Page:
!! From my “long” digital photographer experience, I just created my first panoramic photo! Do not expect to find an actual panorama… why I call it so it is because I have successfully managed to stitch two pictures together… and the result came out quite nice. (Or at least… this is what I like to think.) I will show you how it started, how I went through, how I got to the final result. But first, let me tell you its story:
I was walking with my girlfriend and two of her friends (a very nice couple) that came to visit us from Russia on Charles Bridge (Karluv Most – as they call it in Czech) across Vltava, in Prague Czech Rep. Well, it is an old bridge and at each 10 meters there is at least one statue, made of either bronze, either rock. There is the saying that if you rub your hand against one of the bronze statue and you make a wish, that wish will turn reality.
So as we were passing through, Julia decided to make a wish so she placed her hand on the statue. Her boyfriend Pash was right behind her, and he thought he could go on and make a… …a wish . A big wish I’d say! So I took the shot, and unfortunately I was not quick enough to take a one shot only. I needed two: one for Julia’s wish, second for Pasha’s. After one year… more than a year, I found out that you can put together two pictures, and to create a picture from two “halves”. The software I used is Adobe Photoshop CS4 Extended. Enjoy the “tutorial”:
I shall start by showing you the initial pics I took, untouched, exactly the same way I shot them (now they are resized for publishing purposes):
This is the first one, with Julia making the wish. I have also published them on my Flickr page, so you can click on them and you’ll see them in large size:
Second is Pasha, making his “wish” now:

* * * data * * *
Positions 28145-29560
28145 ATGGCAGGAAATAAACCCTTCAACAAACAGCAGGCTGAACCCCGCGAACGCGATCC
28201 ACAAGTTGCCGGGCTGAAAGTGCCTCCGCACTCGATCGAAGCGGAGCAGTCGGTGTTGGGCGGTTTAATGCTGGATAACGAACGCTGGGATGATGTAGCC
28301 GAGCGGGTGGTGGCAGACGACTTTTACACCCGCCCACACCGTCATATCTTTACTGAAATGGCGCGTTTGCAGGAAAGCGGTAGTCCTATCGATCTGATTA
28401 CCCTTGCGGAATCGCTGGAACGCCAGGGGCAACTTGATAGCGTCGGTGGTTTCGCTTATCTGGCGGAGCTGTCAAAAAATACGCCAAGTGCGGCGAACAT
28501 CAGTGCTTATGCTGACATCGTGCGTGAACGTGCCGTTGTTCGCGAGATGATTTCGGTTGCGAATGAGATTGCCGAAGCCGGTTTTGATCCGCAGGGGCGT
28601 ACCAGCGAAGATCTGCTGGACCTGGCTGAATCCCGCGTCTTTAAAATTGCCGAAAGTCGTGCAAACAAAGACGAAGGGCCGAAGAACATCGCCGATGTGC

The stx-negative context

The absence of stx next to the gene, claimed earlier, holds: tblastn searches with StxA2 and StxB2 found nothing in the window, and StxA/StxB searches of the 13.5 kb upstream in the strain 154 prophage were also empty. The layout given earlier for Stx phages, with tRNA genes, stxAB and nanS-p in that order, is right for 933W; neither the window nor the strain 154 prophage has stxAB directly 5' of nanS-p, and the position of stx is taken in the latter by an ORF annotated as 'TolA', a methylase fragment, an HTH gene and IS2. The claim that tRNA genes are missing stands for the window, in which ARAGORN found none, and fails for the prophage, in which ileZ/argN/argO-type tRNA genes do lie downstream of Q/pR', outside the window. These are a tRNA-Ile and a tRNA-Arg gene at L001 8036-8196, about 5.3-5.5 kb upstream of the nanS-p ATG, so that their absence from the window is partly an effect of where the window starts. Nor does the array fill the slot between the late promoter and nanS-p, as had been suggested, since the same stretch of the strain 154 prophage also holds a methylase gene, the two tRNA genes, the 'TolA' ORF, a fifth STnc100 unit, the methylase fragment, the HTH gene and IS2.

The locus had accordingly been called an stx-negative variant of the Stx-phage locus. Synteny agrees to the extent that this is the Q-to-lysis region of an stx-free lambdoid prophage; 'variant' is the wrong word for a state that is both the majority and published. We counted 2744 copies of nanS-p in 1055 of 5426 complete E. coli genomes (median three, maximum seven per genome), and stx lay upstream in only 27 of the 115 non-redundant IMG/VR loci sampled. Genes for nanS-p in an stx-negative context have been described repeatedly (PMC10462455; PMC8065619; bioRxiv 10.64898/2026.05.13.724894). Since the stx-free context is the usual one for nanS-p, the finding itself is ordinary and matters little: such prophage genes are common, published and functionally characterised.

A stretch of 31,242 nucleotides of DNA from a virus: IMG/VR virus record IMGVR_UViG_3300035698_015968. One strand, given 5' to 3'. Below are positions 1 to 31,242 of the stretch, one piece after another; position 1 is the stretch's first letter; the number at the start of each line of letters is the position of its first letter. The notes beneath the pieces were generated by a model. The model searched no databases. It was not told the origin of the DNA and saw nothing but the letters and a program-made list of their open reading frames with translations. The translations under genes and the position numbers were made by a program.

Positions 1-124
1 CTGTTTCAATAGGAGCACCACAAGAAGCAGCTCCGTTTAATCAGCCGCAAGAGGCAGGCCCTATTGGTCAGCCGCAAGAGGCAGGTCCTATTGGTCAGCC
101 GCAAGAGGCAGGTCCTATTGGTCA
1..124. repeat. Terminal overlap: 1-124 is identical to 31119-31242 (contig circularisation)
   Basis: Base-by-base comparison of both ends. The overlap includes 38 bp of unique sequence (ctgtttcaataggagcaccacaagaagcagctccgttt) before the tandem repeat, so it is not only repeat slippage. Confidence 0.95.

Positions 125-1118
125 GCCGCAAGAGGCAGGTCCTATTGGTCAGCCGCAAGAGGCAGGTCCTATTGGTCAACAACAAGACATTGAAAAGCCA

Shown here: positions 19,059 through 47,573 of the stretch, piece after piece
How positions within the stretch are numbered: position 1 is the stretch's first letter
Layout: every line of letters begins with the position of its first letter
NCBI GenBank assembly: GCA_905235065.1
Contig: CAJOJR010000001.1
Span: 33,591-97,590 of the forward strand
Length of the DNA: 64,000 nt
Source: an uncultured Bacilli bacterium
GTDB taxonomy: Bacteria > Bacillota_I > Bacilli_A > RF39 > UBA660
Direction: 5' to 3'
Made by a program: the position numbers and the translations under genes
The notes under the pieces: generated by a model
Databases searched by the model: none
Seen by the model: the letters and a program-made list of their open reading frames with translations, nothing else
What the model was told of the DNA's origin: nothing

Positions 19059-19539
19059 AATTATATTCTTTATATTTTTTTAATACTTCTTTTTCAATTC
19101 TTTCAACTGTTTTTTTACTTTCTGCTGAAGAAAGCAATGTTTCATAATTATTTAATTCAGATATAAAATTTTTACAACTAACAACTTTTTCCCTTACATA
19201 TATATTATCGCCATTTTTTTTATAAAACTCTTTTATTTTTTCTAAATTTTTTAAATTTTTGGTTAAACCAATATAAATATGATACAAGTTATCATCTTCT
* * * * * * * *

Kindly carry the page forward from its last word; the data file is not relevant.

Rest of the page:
So I have used Photoshop to stitch them together, in an attempt to create a “panoramic” photo. First I had to load them both in Photoshop, then from the File menu –> Automate –> Photomerge… and this is the result I got:
As you observe, the top right corner is stretched all the way up (which is normal in the original picture). The black areas need either to be cropped (which will not make a good picture after all – try to see it in your mind if black was cropped) or… either be constructed. I decided to do a little of both.
First thing to do was to use the amazing Vanishing Point from the Filter menu to get rid of the distorted top-right corner. After playing a bit with Vanishing Point, the picture looked like this:
So far so good. The corner does not look distorted anymore, so I can say now that I can move on to the next step: constructing the areas under black or cropping them.
I will start with the black area in the bottom-right corner. As you notice, there is pattern that can be easily copied and multiplied. You can create ground, cracks, corners, using the existing background. The tool I’ve used is called Clone stamp tool, and you can access it from the toolbar in the Essentials display mode, or simpler, by pressing S on your keyboard. After I’ve reconstructed that corner, the picture looked like this:
The corner is now built totally. I have used nothing but pattern already existing in the picture itself. And the great Clone stamp tool, of course.
Now only one step remains: the black area at the top. For an easy to understand reason, I have decided to crop it (there are trees and bricks from the house, very hard to construct without creating a repeated pattern). So I will simply crop that. Doing so it will just save me some extra time + work, and besides, the pic will get a more widescreen aspect ratio.
We are here so far. Everything looks more or less OK. Now it is time to work a bit on the enhancing. I’ve decided to go for a B&W treatment, and to add a nice 12 pixel black frame, each side bordered by a 2 pixel thin white border. This is the final result!
Hope you’ll find this tutorial helpful when creating your own panoramic photos. Photoshop will help you the same way it helped me. So… gotta end this… … Please share your own work too, and if you’re a Flickr member, keep up with me on there!
Later edit: I have found a couple of tutorials/ applications, and I must add before you click on them, that they are for purchasing only. There are other free tutorials on the web, but these helped me the most.